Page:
Recently, I’ve been thinking about something important. Five words, to be precise.
What is a sacred life?
Rivvy Neshama, author of Recipes For A Sacred Life: True Stories and a Few Miracles is the originator of this question. In a recent interview, she invited the listeners to ponder this profound question. And I have been thinking about it ever since.
What is my sacred life?
For sure I know it’s the life I live when I’m not running scared. It’s no coincidence that where we choose to place the ‘c’ is how we meet life.
Scared or Sacred.
When I think of the sacred I’m not talking about church-going Sundays. Or observing the Sabbath. Or going down on your knees in worship pose in front of an altar of Hindu deities. Although each one of the above practices is a great way to connect with the sacred. But those are not the only ways.
Too often we make the ‘sacred’ a rule, or what we were taught to do, or know to be holy.
I’ve strayed away from the world of what I was taught, only to return to the parts of it that I cherish. It has become a delicious balance between what I was raised to believe in and what is meaningful to me today.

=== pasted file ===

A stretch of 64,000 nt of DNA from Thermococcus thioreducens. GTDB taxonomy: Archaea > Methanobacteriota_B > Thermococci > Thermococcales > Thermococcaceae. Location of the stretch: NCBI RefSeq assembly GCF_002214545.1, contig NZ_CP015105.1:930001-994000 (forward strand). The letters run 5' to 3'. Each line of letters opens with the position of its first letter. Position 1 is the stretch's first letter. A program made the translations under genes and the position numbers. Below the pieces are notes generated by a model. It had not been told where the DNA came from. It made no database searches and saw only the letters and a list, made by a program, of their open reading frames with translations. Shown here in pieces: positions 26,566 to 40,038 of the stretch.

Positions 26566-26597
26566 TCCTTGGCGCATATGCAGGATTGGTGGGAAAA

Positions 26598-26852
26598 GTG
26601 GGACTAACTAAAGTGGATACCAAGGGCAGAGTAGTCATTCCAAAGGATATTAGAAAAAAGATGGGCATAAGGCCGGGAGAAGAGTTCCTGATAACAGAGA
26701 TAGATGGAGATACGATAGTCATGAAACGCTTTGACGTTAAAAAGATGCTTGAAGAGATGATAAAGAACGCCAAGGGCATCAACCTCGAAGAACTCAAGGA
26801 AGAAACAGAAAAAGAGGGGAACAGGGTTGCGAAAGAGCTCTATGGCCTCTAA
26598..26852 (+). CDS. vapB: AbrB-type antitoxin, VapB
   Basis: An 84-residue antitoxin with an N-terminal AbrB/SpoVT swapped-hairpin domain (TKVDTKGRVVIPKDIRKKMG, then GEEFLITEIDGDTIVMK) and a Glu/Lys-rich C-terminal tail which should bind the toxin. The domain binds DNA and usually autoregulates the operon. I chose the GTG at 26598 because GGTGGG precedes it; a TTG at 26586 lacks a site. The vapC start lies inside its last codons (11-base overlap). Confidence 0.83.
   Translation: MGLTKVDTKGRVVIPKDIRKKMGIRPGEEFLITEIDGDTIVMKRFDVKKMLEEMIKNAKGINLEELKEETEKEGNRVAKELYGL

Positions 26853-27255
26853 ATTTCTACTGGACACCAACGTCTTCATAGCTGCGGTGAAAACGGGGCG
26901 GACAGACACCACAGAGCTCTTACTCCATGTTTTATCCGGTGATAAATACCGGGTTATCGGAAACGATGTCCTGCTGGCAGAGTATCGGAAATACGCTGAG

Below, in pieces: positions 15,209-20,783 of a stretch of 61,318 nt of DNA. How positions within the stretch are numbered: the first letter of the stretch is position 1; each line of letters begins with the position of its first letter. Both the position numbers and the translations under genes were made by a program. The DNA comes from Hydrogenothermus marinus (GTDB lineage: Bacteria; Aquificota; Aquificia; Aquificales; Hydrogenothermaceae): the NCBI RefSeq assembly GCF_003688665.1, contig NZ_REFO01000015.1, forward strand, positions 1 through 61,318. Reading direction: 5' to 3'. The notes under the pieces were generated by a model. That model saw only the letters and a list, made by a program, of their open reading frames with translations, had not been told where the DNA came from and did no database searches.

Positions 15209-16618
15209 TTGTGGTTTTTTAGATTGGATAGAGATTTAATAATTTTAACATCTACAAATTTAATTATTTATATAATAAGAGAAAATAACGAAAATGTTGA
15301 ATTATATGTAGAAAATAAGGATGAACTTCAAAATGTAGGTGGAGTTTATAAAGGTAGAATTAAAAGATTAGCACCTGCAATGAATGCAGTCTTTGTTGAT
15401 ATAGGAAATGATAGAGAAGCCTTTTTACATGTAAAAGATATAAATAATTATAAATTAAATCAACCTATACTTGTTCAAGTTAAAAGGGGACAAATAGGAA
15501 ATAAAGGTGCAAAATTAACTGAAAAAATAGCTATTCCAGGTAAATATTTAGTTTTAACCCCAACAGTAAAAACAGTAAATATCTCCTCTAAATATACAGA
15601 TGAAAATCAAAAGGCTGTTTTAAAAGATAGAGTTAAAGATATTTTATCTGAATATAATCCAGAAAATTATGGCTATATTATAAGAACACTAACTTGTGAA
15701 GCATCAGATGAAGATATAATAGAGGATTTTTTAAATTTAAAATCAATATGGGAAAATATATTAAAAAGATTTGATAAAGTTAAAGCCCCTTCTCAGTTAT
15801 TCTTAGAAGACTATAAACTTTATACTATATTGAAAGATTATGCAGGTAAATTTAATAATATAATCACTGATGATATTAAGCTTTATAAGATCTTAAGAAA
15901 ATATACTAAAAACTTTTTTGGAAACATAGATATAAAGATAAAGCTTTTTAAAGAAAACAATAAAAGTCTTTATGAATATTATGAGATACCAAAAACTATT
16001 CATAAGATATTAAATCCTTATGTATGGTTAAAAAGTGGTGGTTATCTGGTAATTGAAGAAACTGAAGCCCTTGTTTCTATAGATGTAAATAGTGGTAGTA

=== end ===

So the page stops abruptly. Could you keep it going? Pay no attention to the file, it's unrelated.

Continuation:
So here’s my recipe for a sacred life:
- waking up with a prayer on my lips
- pausing to ‘feel’ grateful throughout my day
- playing with children to connect with my inner child
- eating my meals with joy
- being aware of my breath
- serving someone every single day
- honoring my body, the temple of my soul
- sleeping a good 7-8 hours every night
- reading books that nourish me
- listening well
- tuning into my inner guidance
What happens to this recipe when we’re grieving?
As I review my list I realize that my connection to the sacred is what rescues me every single day.
In other words, the sacred container that is my life holds the space for everything–my grief, disappointments, loneliness, despair and stubborn pride. In meditation, praying, reading, placing words on a page, playing with a child, and being grateful for all the simple miracles in my daily life, I am connected to that which is holy.
It restores my faith in life–even if in that moment I’m looking at the world through sorrowful lens.
Reflect on your own life and consider what is sacred. If you’ve spent little time pondering this, maybe now is a good time to start.
Create your own list. Add to it. Try something new. Make sure you spend time with what is sacred in your life every single day.
Share your Sacred List here. Let’s share ideas on what sacred means to each of us.